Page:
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Mary’s Character in “Rogue Farm” by Stross

Based on a bizarre yet surprisingly engaging premise of a distant future where farms could mutate into living and rather ominous beings. Charles Stross’s “Rogue Farm” allows using the unique narrative to make the characters particularly compelling. Though Maddie is not placed at the forefront of the narrative from the start, with John accepting most of the limelight, her character arc develops surprisingly fast, eventually leading to her merging with the alien entity of the farm. Although seemingly represented as the sign of Maddie’s weakness and the means of emphasizing the farm’s power, it may also indicate that Maddie’s fate was defined by her decision and overall dissatisfaction with her life.

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The signs of Maddie’s discontent with how her life has progressed can be seen in discrete and sometimes not-so-subtle hints in the first part of the story. For example, while she is portrayed as active and decisive, she is also depicted as devastated and traumatized by her past. Specifically, the narrator points out that Maddie’s decision to follow Joe and live in the countryside reflected her experience of being affected negatively by the urban experience: “Maddie’s nightmares, her aversion to alcohol, and her withdrawal from society were all relics of her time in Peaceforce” (Stross 73). The described attempt at escaping the trauma rather than facing it and reconciling with it strikes as especially misaligned with Joe’s simple longing for a conflict-free life.

However, the mismatch between Maddie’s life in the countryside and her actual needs, particularly the longing to explore her unfulfilled potential, remain in place despite her commitment to living with Joe. Specifically, the discrepancy in her role as a wife and the aspirations that she had can be seen in the following line: “They didn’t say much: Joe, because he never did, and Maddie because there wasn’t anything that she wanted to say” (Stross 71). The described discontent, which eventually pushes her to merge with the rogue farm, can be considered the foundation for her final decision to merge with the farm.

Moreover, the story, despite its short and concise nature, manages to introduce subtle hints at the glorious past that Maddie had. For instance, in the scene where she attacks the farm, the narrator compared her fervent actions to her past fights: “She’d managed to sneak her old battledress home after a stint keeping the peace in Mesopotamia twenty ago, and she’d managed to keep herself in shape enough to squeeze inside” (Stross 69). The implied idea that Maddie’s past lingers over her and that she retains as many aspects of her past self as possible in order to keep her memories alive shows that her present life is far from satisfying. Specifically, the lien in question signifies that Maddie continues to nurture her identity as a warrior despite the role of a wife that she has to assume regularly.

Thus, her readiness to jump into the thicket of the action implies not only her love for her husband but also her longing to keep her identity of a warrior alive. In other words, the act of merging with the farm represents Maddie’s need to escape the routine that she refuses to accept. Even though the specified choice implies erasing the life that Maddie has built so far, she decides to take her chance in an attempt to pursue the identity that she has nearly lost. As a result, even though the idea of accepting the living farm’s invitation does suggest an undoubtedly nightmare-inducing concept both for John and for the reader. It represents an act of escapism for Maddie and an opportunity for her to regain her agency. In the described context, while still being a sign of weakness as the inability to reconcile with her life, Maggie’s decision to merge with the living farm indicates her effort to take control over her path.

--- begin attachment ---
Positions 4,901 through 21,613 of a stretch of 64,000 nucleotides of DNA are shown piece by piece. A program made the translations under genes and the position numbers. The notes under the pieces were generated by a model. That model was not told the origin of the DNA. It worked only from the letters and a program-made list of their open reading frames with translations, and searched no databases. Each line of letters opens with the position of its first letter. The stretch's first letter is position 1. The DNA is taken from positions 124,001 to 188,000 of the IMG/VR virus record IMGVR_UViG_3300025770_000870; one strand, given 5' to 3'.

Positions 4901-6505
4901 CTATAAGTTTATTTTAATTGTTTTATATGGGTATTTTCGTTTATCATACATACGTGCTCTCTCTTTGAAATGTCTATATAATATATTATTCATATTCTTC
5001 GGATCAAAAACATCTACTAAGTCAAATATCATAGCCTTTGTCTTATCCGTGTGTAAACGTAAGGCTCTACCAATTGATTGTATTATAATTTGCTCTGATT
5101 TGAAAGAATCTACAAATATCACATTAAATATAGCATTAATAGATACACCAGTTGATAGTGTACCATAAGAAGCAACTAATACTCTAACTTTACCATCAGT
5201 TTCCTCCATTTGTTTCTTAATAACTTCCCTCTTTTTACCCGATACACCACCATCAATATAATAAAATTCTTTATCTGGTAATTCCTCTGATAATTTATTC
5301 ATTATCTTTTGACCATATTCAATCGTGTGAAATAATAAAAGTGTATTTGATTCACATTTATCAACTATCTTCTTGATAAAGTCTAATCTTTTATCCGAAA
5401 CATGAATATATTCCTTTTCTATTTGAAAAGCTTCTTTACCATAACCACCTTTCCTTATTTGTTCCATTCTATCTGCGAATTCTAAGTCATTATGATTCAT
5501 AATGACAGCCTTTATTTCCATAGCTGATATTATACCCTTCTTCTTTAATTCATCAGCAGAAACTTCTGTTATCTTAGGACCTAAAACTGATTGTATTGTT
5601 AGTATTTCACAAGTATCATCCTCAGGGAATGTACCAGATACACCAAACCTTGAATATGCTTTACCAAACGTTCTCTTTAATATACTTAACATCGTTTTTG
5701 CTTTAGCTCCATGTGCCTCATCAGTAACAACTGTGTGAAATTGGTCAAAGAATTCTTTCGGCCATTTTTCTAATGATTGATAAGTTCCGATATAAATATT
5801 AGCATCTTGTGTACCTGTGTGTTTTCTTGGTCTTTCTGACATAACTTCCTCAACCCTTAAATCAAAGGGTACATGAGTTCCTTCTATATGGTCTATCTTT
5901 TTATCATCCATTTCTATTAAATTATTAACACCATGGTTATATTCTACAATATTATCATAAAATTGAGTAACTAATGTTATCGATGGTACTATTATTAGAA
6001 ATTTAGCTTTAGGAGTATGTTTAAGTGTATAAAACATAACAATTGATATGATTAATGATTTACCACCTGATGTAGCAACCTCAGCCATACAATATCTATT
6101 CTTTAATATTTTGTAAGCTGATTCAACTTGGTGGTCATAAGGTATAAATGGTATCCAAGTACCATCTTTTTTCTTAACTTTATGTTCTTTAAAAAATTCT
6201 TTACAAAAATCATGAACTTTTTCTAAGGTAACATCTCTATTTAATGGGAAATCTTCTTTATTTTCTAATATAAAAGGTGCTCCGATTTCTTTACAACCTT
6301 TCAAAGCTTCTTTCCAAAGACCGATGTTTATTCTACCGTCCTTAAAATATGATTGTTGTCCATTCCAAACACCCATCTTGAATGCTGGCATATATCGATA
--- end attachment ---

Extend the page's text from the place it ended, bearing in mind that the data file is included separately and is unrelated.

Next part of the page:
Arguably, the decision to merge with the living farm, which Maddie makes at the end of the story, could be interpreted not only as an act of rebellion but also as a sign of complete despair. Thus, the ending of the story gains two distinctively different meanings. If viewing Maddie’s choice as her final effort to assert herself and fulfill her potential, the story gains grim yet weirdly affirming undertones, emphasizing the fact that Maddie has finally developed agency. In turn, when interpreting her willingness to merge with an alien entity as the act of final an unwavering acceptance of her defeat, one could represent the ending as a personal tragedy for Maddie and her choice to dissolve her personal self and uniqueness.

Since Maddie’s concerns with the lack of excitement in her life and the loss of agency in the setting to which she was confined were evident, her joining the farm represents her overall dissatisfaction. The signs of Maddie regretting her life and, particularly, the missed opportunities that she could have enjoyed otherwise are evident at a fairly early point of the story. Therefore, her merging with the farm could be explained as an attempt at escapism and her symbolic liberation of the mundane and unambitious life into which she has cornered herself.

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Work Cited

Stross, Charles. “Rogue Farm.” Wireless, Penguin, 2009, pp. 67-83.

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